by Candido Mendes
The number of Chinese workers and business owners has fallen to about 50,000, a quarter of what it was four years ago, Xu Ning, the chairman of the Angola-China Industrial and Commerce Association, said in an interview in the capital, Luanda. Those who stayed are recovering from a “disastrous” 2016, with most Chinese-led construction projects still halted, he said.
“Last year was very bad, we lost a lot of money,” Xu said. “Many closed down their businesses and went back to China, crying.”
Business lost out as the Angolan kwanza slid to a black-market rate of 600 per dollar, cutting the value of contracts that were signed when the kwanza was 100 per dollar to a fraction of the original amount. Chinese business owners don’t have access to dollars from Angolan banks at the official exchange rate of 168 kwanza, and even those who hold foreign currency in local banks are unable to withdraw or transfer that money for businesses purposes, Xu said.
The average exchange rate on the street, where most Angolans buy dollars, is currently about 360 kwanza, according to KinguilaHoje, a website that tracks parallel rates. That’s down from 495 kwanza per dollar in December after the rate peaked at 600 kwanza from June through August, according to data compiled by Bloomberg.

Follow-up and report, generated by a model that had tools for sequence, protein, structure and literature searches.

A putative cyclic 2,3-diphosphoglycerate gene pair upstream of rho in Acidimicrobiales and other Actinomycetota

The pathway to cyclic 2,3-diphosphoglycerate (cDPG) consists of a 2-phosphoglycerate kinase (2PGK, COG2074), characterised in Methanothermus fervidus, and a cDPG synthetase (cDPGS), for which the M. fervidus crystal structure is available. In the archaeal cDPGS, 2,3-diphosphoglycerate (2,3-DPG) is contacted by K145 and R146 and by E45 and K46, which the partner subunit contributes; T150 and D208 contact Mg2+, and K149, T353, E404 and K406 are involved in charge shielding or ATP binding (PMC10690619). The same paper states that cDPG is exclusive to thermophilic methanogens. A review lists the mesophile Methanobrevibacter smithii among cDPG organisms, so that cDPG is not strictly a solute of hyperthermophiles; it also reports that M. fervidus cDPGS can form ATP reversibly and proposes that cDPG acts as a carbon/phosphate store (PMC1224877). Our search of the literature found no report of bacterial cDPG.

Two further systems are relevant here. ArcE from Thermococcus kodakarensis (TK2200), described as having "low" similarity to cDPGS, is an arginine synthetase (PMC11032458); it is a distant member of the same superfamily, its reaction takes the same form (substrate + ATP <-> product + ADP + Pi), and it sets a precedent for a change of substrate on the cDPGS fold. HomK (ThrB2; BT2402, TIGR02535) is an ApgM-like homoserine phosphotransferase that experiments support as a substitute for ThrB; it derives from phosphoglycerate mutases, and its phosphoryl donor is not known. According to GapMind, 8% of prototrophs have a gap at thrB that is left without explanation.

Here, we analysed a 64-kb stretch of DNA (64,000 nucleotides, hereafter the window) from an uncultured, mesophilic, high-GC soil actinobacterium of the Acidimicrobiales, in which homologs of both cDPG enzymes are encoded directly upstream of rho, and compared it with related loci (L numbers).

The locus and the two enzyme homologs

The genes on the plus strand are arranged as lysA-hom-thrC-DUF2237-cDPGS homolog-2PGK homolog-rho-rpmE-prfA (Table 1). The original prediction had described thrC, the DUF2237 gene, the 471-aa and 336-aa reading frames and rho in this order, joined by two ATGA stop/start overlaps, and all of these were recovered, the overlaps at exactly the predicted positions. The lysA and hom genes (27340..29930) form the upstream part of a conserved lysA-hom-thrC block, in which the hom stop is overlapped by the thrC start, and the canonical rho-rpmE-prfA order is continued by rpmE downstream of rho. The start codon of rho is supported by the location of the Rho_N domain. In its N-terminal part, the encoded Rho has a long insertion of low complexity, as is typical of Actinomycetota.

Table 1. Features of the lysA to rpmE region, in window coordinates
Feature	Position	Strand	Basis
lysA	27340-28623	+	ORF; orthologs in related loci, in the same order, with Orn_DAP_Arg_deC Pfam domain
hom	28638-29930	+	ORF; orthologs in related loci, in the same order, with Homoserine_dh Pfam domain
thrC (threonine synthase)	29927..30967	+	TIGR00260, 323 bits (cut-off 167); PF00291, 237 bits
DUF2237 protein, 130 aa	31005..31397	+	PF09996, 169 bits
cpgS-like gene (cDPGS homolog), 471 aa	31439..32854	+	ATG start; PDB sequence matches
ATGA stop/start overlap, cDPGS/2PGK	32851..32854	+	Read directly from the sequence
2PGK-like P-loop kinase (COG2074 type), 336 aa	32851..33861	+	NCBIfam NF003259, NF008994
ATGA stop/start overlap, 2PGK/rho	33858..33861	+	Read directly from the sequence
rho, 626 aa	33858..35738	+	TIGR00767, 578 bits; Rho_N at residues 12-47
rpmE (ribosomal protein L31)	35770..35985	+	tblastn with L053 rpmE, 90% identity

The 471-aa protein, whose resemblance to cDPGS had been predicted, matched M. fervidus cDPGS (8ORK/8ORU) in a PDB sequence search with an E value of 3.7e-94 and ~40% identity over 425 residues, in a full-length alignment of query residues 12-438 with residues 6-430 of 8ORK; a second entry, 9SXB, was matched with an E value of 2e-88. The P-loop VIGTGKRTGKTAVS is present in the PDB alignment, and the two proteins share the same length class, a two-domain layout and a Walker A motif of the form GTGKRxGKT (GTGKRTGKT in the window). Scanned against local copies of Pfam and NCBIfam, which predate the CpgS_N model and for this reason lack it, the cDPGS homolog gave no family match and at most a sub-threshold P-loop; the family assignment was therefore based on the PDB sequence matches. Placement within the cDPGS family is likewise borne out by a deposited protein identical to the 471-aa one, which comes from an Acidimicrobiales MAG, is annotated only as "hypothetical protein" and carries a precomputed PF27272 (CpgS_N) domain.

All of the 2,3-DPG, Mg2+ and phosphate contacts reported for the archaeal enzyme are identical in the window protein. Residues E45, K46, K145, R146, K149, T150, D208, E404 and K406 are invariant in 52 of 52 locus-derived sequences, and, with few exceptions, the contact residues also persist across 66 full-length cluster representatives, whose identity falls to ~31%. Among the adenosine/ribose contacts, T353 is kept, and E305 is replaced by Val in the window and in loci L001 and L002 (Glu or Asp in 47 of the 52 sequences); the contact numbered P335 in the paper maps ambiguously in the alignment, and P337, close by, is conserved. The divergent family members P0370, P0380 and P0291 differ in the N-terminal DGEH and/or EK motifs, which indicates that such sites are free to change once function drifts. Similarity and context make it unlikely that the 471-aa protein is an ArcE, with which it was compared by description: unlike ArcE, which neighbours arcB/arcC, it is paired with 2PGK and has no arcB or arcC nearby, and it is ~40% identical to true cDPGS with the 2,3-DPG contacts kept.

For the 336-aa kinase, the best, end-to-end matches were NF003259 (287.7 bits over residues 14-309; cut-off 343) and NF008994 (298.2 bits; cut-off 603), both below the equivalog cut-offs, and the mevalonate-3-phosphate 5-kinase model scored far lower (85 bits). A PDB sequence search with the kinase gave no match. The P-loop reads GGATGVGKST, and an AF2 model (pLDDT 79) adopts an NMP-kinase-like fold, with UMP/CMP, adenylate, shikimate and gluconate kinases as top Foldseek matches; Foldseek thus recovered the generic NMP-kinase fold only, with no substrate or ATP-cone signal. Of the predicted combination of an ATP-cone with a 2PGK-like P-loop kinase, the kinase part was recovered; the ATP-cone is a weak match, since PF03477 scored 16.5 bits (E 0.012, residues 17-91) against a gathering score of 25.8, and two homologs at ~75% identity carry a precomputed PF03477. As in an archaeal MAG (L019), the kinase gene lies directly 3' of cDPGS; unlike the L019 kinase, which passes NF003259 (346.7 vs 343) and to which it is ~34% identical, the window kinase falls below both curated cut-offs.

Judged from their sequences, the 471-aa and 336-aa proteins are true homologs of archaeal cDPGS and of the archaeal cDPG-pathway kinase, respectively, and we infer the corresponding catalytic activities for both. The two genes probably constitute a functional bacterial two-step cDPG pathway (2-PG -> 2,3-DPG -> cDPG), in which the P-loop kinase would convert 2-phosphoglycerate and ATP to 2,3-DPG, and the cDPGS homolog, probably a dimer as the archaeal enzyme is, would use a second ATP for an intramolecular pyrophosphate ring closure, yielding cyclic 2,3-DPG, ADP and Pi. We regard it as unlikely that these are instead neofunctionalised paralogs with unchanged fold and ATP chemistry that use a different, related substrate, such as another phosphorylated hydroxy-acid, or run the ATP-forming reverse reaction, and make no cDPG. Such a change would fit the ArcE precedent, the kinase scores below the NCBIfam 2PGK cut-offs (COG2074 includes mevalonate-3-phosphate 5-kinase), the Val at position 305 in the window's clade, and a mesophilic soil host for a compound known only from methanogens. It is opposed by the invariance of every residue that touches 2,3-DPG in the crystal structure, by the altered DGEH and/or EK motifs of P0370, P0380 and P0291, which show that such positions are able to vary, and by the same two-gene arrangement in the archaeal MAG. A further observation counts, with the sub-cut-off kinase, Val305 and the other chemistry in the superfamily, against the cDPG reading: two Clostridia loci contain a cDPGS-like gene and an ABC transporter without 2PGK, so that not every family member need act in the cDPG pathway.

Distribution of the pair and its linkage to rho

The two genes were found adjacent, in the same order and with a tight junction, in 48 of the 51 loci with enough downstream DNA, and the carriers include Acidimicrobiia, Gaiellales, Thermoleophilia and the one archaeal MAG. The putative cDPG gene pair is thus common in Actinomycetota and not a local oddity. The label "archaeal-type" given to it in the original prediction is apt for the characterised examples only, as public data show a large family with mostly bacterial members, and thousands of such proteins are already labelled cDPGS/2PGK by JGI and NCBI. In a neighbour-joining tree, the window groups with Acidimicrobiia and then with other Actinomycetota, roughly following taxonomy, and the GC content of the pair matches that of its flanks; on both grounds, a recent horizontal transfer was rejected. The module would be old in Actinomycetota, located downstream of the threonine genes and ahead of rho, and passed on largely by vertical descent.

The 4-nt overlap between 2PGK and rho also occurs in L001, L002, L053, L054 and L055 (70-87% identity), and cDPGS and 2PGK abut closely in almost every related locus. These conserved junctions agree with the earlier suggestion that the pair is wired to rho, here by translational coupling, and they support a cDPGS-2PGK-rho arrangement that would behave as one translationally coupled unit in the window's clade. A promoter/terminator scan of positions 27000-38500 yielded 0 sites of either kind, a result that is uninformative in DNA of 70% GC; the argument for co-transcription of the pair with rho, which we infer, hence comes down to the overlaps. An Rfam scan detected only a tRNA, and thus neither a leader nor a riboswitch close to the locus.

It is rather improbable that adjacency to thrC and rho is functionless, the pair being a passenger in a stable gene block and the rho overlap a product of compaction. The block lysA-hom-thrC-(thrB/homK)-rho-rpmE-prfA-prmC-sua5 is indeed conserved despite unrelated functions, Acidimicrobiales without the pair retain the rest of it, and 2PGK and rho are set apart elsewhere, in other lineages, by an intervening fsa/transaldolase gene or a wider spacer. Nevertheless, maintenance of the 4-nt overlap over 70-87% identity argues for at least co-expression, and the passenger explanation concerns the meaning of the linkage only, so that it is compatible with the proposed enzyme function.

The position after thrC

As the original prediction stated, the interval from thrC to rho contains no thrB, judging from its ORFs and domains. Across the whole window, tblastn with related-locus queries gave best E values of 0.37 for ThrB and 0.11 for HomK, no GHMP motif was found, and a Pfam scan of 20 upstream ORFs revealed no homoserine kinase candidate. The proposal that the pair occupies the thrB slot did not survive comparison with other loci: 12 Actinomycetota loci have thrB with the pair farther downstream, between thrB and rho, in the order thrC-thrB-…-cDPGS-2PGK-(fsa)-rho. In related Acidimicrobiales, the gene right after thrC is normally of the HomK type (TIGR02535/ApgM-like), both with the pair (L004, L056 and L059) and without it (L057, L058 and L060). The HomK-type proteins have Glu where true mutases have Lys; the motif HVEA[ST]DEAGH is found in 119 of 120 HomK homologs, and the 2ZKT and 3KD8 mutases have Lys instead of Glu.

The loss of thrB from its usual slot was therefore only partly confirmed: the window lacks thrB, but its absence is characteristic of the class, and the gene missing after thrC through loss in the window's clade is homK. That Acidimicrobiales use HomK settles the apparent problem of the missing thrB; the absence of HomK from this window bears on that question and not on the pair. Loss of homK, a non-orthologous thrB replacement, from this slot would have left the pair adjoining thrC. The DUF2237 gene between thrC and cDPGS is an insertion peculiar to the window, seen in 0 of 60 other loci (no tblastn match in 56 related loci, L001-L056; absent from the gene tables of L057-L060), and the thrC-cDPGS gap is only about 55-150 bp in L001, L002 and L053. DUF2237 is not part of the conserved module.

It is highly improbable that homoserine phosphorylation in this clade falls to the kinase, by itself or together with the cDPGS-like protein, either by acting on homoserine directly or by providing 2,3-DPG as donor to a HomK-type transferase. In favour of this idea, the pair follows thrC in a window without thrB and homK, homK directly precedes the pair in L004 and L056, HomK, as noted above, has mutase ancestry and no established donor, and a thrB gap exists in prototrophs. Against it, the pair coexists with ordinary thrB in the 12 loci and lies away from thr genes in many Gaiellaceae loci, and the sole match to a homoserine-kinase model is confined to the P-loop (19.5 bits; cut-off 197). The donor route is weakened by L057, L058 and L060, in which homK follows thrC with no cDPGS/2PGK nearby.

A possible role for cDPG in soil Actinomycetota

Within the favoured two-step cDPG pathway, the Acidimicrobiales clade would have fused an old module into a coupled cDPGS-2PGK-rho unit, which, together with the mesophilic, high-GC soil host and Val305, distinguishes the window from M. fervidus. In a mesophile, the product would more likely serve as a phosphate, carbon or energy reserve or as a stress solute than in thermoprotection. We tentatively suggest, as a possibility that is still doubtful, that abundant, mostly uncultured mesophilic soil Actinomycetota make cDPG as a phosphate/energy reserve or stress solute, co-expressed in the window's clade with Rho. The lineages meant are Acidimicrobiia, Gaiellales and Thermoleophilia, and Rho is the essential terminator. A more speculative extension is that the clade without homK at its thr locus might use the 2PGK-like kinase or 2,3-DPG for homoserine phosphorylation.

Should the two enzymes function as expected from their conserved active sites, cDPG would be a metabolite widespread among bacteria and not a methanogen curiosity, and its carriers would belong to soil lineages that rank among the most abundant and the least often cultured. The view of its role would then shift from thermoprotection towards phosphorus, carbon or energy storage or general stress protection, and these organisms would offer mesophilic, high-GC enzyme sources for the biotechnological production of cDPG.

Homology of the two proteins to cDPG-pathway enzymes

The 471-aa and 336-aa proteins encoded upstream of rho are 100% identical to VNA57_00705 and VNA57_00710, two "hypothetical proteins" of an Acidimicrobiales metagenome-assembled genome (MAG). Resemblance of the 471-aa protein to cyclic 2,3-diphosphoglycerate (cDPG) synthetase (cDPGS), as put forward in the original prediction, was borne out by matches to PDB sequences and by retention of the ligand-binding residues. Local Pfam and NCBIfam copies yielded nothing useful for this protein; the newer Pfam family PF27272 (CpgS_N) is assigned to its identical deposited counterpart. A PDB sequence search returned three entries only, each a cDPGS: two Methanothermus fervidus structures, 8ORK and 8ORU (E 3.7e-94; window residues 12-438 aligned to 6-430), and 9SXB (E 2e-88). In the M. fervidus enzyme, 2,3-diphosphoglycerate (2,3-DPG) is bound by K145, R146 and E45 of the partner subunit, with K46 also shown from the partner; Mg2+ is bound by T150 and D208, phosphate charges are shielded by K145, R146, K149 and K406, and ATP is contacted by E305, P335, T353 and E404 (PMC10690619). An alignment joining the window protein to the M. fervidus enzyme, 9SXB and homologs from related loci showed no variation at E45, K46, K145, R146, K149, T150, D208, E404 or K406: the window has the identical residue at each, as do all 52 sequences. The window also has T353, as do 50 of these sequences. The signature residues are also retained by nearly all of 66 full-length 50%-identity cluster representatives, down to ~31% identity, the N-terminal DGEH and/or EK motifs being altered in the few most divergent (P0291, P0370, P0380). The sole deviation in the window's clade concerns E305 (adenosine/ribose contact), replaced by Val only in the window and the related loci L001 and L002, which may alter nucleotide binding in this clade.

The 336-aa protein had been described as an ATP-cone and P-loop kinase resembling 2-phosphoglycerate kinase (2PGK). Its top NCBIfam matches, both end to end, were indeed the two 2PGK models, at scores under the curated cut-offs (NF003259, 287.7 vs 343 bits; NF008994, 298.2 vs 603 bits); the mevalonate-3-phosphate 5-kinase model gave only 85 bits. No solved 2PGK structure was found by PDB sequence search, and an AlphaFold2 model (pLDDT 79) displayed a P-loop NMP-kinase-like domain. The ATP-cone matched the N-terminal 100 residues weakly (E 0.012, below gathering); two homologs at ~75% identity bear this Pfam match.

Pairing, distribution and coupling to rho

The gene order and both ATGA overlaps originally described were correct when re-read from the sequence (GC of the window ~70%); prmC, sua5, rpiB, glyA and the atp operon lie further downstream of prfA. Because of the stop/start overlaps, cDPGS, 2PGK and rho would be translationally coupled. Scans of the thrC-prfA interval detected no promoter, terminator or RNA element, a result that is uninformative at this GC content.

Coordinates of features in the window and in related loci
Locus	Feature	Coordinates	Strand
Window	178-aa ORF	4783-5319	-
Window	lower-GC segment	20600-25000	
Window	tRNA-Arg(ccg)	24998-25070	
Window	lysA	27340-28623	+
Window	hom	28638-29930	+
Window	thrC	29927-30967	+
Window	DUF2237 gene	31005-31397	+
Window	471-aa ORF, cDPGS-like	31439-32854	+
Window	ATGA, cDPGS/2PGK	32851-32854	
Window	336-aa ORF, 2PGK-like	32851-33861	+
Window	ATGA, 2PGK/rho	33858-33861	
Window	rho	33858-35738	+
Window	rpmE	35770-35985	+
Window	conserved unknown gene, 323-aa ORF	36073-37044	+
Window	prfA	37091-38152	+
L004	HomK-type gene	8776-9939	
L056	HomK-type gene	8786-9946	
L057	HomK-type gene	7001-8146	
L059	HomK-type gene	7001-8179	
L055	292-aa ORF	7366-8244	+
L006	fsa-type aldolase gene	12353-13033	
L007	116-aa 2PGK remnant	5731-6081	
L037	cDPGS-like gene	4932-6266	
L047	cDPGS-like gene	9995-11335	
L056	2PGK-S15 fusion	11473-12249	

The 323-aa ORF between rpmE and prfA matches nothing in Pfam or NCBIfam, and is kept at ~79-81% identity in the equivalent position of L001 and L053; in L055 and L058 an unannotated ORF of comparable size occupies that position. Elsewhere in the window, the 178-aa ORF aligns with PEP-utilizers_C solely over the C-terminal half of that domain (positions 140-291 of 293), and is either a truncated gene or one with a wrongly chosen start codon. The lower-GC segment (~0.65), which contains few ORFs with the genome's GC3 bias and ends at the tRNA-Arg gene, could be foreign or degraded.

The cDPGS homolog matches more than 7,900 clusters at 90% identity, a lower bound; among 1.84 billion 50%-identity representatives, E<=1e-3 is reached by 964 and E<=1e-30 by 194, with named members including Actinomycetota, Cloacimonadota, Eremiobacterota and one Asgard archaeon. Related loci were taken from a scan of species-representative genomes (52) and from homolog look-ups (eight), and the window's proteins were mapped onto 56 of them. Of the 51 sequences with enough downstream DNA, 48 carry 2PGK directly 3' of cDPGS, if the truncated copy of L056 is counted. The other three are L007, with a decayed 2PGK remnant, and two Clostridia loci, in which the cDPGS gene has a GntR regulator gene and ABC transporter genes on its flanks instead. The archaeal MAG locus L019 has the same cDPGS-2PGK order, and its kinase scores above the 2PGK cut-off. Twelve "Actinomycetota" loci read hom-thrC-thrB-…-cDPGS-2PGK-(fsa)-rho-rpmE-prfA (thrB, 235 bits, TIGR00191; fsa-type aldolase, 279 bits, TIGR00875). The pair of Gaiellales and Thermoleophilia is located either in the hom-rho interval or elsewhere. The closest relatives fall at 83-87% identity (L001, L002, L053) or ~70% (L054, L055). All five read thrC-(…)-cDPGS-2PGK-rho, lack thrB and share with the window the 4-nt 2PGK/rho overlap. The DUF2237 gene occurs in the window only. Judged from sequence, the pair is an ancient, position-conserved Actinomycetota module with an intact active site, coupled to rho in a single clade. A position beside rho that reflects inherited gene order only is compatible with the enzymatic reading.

“The exchange rate is normalizing, we can sell products and transfer a little bit of money,” Xu said.
Bank of China Ltd. is planning to open a branch in the country to facilitate Chinese investment, he said.
Angola has been struggling to cope with the impact of a slump in oil prices. In 2015, it was among the top five African countries that together accounted for 48 percent of annual revenue earned by Chinese construction companies on the continent, according to the website of the China Africa Research Initiative. The other four countries are Algeria, Ethiopia, Kenya and Nigeria.